8. Mindfulness is NOT intended to be a pleasant experience - This doesn’t mean that people won’t have a pleasant experience when they try a mindfulness practice. They generally do, especially at the start. This is to say though that mindfulness is intended to notice whatever the experience is, to be fully with it and open up to it—whether it’s pleasant, neutral or unpleasant. When the experience is unpleasant or uncomfortable—say there’s physical pain or sad thoughts that the person doesn’t like—that’s usually an opportunity for learning. That’s the time to see clearly what’s going on.  That’s the chance to choose a skilful response to what’s difficult instead of just habitually reacting to it the way we always do.

  9. Mindfulness is NOT yoga in itself - It’s understandable that there’s a misconception that yoga itself is a mindfulness practice. You can go to a yoga studio and copy the poses that the instructor wants you to do and by the end, you’ll be asked to lie down, relax, and be aware of your body breathing. So it can be confusing if we say that yoga itself isn’t mindfulness. First, it’s important to note that Jon Kabat-Zinn calls the yoga that’s in MBSR “mindful yoga.” This means that mindfulness isn’t necessarily cultivated by perfecting the yoga poses. Mindfulness is about noticing the body as it moves moment-by-moment without judging the movement as perfect or not. So it’s really about the quality of awareness, about the noticing, and not the yoga poses themselves. In fact, there’s a possibility of mindfulness even though you can’t do the yoga pose you’re required to do. There’s also the equal possibility of not being mindful if the movement is harsh, striving, and primarily oriented towards the goal of achieving the pose. The bottom-line is, yoga can be done mindfully or with awareness. But not all ways of doing yoga is necessarily mindful.

  10. Mindfulness is NOT the breathing exercises themselves - Just like mindfulness isn’t yoga, mindfulness also is NOT exercises in breathing. It’s the noticing of the breathing that is mindfulness.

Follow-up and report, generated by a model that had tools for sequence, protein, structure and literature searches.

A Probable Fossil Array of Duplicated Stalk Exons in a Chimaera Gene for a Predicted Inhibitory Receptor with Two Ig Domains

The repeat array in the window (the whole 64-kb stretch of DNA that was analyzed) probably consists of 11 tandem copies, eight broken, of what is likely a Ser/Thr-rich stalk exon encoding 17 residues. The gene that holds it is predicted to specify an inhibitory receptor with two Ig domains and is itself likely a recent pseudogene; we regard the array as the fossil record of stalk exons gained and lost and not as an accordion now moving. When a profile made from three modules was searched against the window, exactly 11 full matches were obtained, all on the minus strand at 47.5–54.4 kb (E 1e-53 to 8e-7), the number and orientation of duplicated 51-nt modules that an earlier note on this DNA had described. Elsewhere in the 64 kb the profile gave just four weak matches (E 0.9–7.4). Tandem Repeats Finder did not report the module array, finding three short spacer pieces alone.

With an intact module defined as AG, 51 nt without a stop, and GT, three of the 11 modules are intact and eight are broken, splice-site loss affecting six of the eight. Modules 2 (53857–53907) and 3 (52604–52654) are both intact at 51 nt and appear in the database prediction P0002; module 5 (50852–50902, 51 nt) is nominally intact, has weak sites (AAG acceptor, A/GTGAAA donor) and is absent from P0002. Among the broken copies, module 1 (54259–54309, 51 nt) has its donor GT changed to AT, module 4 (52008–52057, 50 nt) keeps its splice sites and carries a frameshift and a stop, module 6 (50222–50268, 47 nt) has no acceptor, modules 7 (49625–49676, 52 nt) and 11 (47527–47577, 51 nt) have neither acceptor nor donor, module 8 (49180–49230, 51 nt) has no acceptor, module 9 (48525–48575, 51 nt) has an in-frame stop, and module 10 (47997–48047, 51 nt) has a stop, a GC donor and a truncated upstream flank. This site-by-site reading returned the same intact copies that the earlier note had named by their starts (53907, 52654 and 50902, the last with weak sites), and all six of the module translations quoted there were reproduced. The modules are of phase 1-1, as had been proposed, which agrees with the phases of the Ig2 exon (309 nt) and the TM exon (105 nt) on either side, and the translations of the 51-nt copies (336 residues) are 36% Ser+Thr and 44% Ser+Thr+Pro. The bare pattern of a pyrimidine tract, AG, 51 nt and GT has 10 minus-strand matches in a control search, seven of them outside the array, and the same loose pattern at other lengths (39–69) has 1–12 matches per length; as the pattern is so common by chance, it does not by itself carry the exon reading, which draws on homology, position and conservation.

11. Mindfulness is NOT passivity - Mindfulness is actually the opposite of passivity. It’s active and deliberate. It may or may not require movement but the fact that there’s intentionality in taking notice of experience, attention is active. It’s understandable that some people can see mindfulness as passivity because it involves a lot of sitting in silence and sometimes, lying down in silence too. That’s similar to chilling out and doing absolutely nothing. The difference is that in chilling and doing nothing, attention isn’t directed anywhere in particular. There’s a big possibility of the mind getting captured by random thoughts. This means that “intentionally being present” doesn’t happen. When the mind wanders, that’s when we’re passive because we just let our attention get carried away, brought anywhere without our consent. On the contrary, when we deliberately pay attention to something, that’s when we’re active. 

  12. Mindfulness as a practice is NOT for everyone - There are many ways to reduce stress—be it exercise, healthy eating, building relationships, expressing emotions through dancing, singing, and other forms of art, etc. Each person will have to choose what’s right for her or him in a specific context and time. Mindfulness is intended to be invitational, not mandated, and never forced. In fact, if you’ve started training to teach mindfulness according to best practice, you would have been taught to carry out a pre-course interview with a potential participant. This interview is meant to understand if mindfulness is right for the person and if this is the right time for the person to engage with it.


what is mindfulness?